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Los Angeles (CNN) -- "The King's Speech" story knocked around in David Seidler's head for half a century before he finished writing the screenplay for the film, which is now nominated for a dozen Academy Awards.
Any sooner and it might have been "a fairly reasonable script," but not likely good enough to earn an Oscar nomination for best original screenplay, Seidler said. It demanded "a more mature writer."
"I don't think it would have been the same," he said, as he sipped hot tea in the Beverly Hills Hotel's Polo Lounge.
During lunch, Seidler opened a large envelope holding an original photograph of King George VI sitting with President Franklin Roosevelt. The photo, a gift from collector Keya Morgan, was taken in June 1939, just three months before he delivered the dramatic radio address that is the climax of his movie.
"He's trying to look relaxed, but it's not relaxed at all," Seidler said, pointing to the king's crossed hands.
He noticed Roosevelt's legs were not covered with a blanket, as was the usual pose.
"You can see the braces," he said. "That's just about the only photograph I've ever seen of him without the blanket. That's very unusual."
Seidler spoke about the similarity between Roosevelt's paralyzed legs, a public secret, and King George VI's speech impediment, which was "swept under the royal carpet."
"Not much is written about it, because the royal stutterer is a source of embarrassment," Seidler said. "Stuttering was considered a speech defect and if you had a speech defect, you were, by definition, a defective person."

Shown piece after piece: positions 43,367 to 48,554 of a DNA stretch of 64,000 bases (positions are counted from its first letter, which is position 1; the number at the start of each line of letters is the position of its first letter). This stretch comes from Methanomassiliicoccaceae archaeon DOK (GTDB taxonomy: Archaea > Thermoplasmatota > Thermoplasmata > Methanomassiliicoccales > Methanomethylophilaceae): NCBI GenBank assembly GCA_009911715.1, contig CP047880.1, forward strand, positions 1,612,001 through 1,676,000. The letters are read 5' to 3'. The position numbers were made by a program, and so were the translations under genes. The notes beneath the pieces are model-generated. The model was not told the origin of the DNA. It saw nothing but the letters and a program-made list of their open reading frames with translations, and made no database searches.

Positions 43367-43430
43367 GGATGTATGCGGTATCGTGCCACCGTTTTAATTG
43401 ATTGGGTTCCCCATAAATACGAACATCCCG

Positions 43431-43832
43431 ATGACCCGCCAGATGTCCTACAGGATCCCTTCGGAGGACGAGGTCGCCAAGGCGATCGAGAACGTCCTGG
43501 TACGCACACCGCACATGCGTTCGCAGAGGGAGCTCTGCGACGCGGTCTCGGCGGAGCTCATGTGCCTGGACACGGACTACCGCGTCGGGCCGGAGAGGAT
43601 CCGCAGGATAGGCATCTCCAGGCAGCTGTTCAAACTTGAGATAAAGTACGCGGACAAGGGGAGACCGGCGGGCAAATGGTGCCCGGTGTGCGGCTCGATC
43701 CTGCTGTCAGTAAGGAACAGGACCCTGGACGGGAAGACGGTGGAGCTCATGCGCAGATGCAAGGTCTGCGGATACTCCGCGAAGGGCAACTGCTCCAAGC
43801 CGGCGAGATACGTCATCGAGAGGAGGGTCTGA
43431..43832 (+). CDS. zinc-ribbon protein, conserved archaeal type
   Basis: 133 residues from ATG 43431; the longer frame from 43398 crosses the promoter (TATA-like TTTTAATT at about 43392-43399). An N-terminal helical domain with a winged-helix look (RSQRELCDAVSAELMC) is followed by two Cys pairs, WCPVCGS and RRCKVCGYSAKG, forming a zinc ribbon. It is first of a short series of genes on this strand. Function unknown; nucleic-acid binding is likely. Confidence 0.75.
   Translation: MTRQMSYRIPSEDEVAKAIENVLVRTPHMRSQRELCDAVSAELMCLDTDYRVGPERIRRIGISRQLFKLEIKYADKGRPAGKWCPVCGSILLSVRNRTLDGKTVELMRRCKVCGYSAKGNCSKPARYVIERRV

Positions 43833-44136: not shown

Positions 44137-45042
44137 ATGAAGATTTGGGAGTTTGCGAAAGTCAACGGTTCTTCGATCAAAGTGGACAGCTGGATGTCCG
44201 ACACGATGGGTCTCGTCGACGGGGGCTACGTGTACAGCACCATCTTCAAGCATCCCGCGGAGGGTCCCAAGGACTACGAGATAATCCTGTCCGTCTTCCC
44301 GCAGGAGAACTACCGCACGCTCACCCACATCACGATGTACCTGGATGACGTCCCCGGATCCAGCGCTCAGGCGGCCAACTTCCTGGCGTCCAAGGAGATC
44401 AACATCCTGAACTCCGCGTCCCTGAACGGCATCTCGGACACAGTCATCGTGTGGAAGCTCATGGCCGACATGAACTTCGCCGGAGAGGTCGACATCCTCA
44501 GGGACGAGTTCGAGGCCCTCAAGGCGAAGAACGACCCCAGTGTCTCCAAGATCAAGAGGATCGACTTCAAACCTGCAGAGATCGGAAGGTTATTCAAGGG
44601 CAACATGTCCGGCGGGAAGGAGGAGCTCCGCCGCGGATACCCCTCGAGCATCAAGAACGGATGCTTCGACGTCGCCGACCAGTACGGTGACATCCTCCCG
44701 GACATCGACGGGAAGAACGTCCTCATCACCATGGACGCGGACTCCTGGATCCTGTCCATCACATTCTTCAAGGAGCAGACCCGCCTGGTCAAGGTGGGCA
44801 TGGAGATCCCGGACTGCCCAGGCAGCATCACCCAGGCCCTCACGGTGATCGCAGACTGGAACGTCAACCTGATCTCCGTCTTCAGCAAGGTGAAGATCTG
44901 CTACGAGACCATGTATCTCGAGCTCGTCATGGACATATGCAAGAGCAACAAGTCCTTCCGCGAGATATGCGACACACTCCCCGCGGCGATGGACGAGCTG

But the king was a royal inspiration to Seidler, who himself began stuttering as a child while sailing from his native England to the United States to escape the German bombing.
Seidler, now 73, was a college student when he first decided to write about how King George VI overcame his stutter to lead Britain through World War II with inspiring radio addresses.
Searching the pain of his own childhood gave Seidler the words he needed for "The King's Speech," he said. But it was not something he could do until later in life, he said.
"This required going back into the pain and the loneliness and the isolation and frustration of being a stutterer," Seidler said. "And being a stutterer is rather like having a very bad toothache. When you've got the toothache, all you're thinking about is 'Wow, my tooth really hurts.' All I can think about is that pain. As soon as you get to the dentist and the dentist fixes it, the last thing you want to remember is how that tooth ached. You just blank it out, the mind forgets it."
It took many years for Seidler to allow his mind to recall what it was like to be a stutterer, he said.
"But as a more mature writer, let me put it that way, when you start looking back on your life, it is easier to go back into the past and therefore, I was able to really put my head back into being a stutterer, which I wouldn't have been able to do otherwise," he said.
The long wait was not self-imposed, but was a royal request from Elizabeth, the queen mother. The king's widow sent a letter granting her blessing to the effort if Seidler waited until after her death.
"The memory of these events is still too painful," she wrote in 1982.
"I knew what she meant," Seidler said. "It was her grief over the loss of her husband at a very early age; he was in his early 50s when he died, because he had the stress of being the reluctant king, a position he wasn't trained for, wasn't suited for. And she just didn't want to be reminded of what had happened."
As a good British subject, he waited.
"I didn't think I had that much longer to wait," he said. "She was a very old lady at the time. I thought a couple years, three or four at the most."
She lived for two more decades, dying in 2002 at the age of 101.
Her long life may give the 73-year-old Seidler the distinction of being the oldest writer to win an Oscar for an original screenplay.